French Artist Creates Ethereal Cardboard Bridges Suspended by Balloons

Flying Bridge by Olivier Grossetête

Photo: Alex Nollet

For over 20 years, French artist Olivier Grossetête has been creating what he calls Participative Monumental Constructions. Made with the assistance of local communities, these ephemeral pieces of architecture are erected using only cardboard boxes and tape. Grossetête works without the assistance of machinery, using only the help of local participants to bring these fantasy pieces to life. While this architecture can take many forms, we're particularly partial to the floating cardboard bridges that are a recurring theme.

From Japan to France to Italy, these bridges take their cues from local architecture. Often lifted by balloons, the final installations are as much a lesson in physics as they are in architecture. The pieces, which are designed and constructed over the course of a week with the help of 15 to 30 workshop participants, are intended to live for just a few days. After which time, they're carefully broken down into their previous forms.

“Ephemeral by nature, like us, these monumental participatory cardboard constructions are destined to disappear. Their stake is, therefore, as much in the process, in the journey, and in the collective experience they propose, as in their final forms. This ‘suspended' bridge, inaccessible in essence, ultimately connects us to ourselves: an image of our relationship with the unspeakable,” shares the artist.

Grossetête turned to cardboard not only because it's inexpensive and easy to find, but also because as a material, it's not intimidating. By using a material that is accessible to everyone, he's able to easily draw in volunteers to accomplish the collective goal in a short amount of time. And by working together, they're effortlessly able to construct impressive pieces of architecture that can weigh more than one and a half tons.

French artist Olivier Grossetête uses cardboard boxes and tape to create floating bridges.

 

Cardboard Bridge by Olivier Grossetête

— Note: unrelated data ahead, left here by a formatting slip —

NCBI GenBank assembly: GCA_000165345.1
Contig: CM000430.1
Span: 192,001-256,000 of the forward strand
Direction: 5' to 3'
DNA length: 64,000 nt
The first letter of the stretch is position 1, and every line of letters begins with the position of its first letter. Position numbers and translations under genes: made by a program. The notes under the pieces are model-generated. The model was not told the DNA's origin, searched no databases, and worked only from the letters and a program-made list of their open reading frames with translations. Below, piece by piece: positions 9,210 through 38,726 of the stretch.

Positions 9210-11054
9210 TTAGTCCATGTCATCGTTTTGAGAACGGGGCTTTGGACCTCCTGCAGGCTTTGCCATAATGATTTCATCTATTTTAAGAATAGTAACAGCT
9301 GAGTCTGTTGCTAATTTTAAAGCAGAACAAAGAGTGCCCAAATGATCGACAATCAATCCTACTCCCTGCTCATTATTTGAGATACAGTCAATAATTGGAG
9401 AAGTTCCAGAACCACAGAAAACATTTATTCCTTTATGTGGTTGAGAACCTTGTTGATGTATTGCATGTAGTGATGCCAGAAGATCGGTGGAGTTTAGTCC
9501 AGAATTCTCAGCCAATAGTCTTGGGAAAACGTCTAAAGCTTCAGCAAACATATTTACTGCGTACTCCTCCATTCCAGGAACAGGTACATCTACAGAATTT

Photo: Mucha

Cardboard Bridge by Olivier Grossetête

Photo: Olivier Grossetête

Built during community workshops with the help of local volunteers, they're often suspended by balloons.

Flying Bridge by Olivier Grossetête

Photo: Olivier Grossetête

Flying Bridge by Olivier Grossetête

These ephemeral structures are disassembled just a few days after they take flight.

Bridge Installation by Olivier Grossetete in Japan
Bridge Installation in Rome

Photo: Mantuano/French Embassy in Rome

Flying Bridge by Olivier Grossetête

Photo: Olivier Grossetête

Bridge Installation in Rome

Photo: Mantuano/French Embassy in Rome

Olivier Grossetête: Website

My Modern Met granted permission to feature photos by Olivier Grossetête.

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Jessica Stewart

Jessica Stewart is a Contributing Writer and Digital Media Specialist for My Modern Met, as well as a curator and art historian. Since 2020, she is also one of the co-hosts of the My Modern Met Top Artist Podcast. She earned her MA in Renaissance Studies from University College London and now lives in Rome, Italy. She cultivated expertise in street art which led to the purchase of her photographic archive by the Treccani Italian Encyclopedia in 2014. When she’s not spending time with her three dogs, she also manages the studio of a successful street artist. In 2013, she authored the book 'Street Art Stories Roma' and most recently contributed to 'Crossroads: A Glimpse Into the Life of Alice Pasquini'. You can follow her adventures online at @romephotoblog.
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